When you were a founder, you got excited about the accomplishments the company made, the milestones you reached, and the exciting new opportunities that came your way. As you shift to CEO, it usually takes longer to reach new and larger milestones. Transitioning to a CEO that embraces patience, yet still seeks achievement, can be a mental struggle for many Startup CEOs.
6 – Think time becomes just as important as action time.
I sometimes get nauseated by the number of people in the entrepreneur space who shout and shout about taking action. It’s important. Most certainly. However, mentally shifting from a man or woman of action to a man or woman of thought is the hallmark of a successful CEO.
“Taking massive action” is great when you are a solopreneur, but doing so as a Founding CEO of a 20 person and growing team can be problematic. Traveling from Founder to CEO requires the infusion of “think time” in addition to just “action time.”
7 – Not everyone will care as much as you.
This one is real hard for many of you. I know because it’s a common theme on the podcast. When you have five people on your team, it’s easier to find five more who are over the top excited about your mission to disrupt the world. Once you start heading north of 20 employees, you may have to start embracing the mental mindset that not everyone will care about the company or your idea as much as you do.
8 – Energy management is more important than time management.
A new productivity tool is tossed into the market almost monthly. I know because I love them and I’m like a moth to a flame with any new software “to do” app. The trouble is it’s not about managing your time better when you mentally shift from Founder to CEO. Your best energies need to be preserved for the moments in time where your influence as the CEO is critical to the success of the company.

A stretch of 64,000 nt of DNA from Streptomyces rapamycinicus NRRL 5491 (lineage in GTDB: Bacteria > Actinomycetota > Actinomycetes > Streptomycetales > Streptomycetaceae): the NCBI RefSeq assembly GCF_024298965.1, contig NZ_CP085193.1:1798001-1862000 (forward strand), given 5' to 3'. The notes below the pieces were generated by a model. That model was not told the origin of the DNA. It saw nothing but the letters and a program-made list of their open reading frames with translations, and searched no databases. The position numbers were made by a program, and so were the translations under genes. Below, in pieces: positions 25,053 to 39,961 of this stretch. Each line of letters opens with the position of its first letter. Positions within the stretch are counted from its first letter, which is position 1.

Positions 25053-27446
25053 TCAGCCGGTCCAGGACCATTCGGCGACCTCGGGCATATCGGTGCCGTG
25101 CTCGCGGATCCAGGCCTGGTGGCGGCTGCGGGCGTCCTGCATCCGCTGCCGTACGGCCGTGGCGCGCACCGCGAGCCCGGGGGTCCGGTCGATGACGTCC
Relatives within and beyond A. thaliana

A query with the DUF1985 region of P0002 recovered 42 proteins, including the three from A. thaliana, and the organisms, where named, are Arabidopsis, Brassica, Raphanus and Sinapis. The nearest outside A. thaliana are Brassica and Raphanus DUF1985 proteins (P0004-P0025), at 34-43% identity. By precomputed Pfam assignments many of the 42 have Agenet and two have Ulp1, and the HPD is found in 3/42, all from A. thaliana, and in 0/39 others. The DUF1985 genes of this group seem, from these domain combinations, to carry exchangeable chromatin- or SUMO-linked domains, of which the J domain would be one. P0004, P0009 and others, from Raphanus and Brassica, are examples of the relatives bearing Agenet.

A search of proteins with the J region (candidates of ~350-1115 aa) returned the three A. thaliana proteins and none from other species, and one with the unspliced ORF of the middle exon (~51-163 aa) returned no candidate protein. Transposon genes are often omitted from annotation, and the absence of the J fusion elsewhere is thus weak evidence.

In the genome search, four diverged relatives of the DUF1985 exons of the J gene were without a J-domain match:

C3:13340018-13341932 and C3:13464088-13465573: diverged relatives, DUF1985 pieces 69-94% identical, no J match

You can’t pull a “all nighter” and then attend a key board meeting. You can’t work 72 straight hours and then speak eloquently at your company picnic. Modulating your energy for the key events ends up being one of the most challenging mental shifts we all make on the road from Founder to CEO. Why? Because he definition of your “productivity” changes as you make the shift from Founder to CEO.
9 – Clarity becomes as important than strategy.
Yes, strategy is important. Essential. But, it does no good if you are not clear, your growing team is not clear, and your customers are not clear about what you do and where you are going. It takes an enormous amount of energy to ensure all the stakeholders in your startup are clear about who you are and the value you bring to the marketplace.
The world is too noisy, dynamic, and confusing for YOU not to focus on clarity. Transitioning your mind to this realization means it will help you transition your time to this important issue.
10 – Not everyone will be excited about your success.
Our culture loves a good “rags to riches” story. An entrepreneur that can overcome obstacles and create a “unicorn” is the type of narrative that makes the cover of Inc. and Fast Company. Unfortunately, that only lasts so long.
Apple was the envy of everyone’s eye years ago. Now the European Union wants some tax cash. Facebook made Mark Z. a household name. Now his company is the target of criticism for possible advertising data manipulation. Your startup founder mindset must shift to the realization that success will bring more attention in areas you never thought of.
What mindset shifts have you had to make?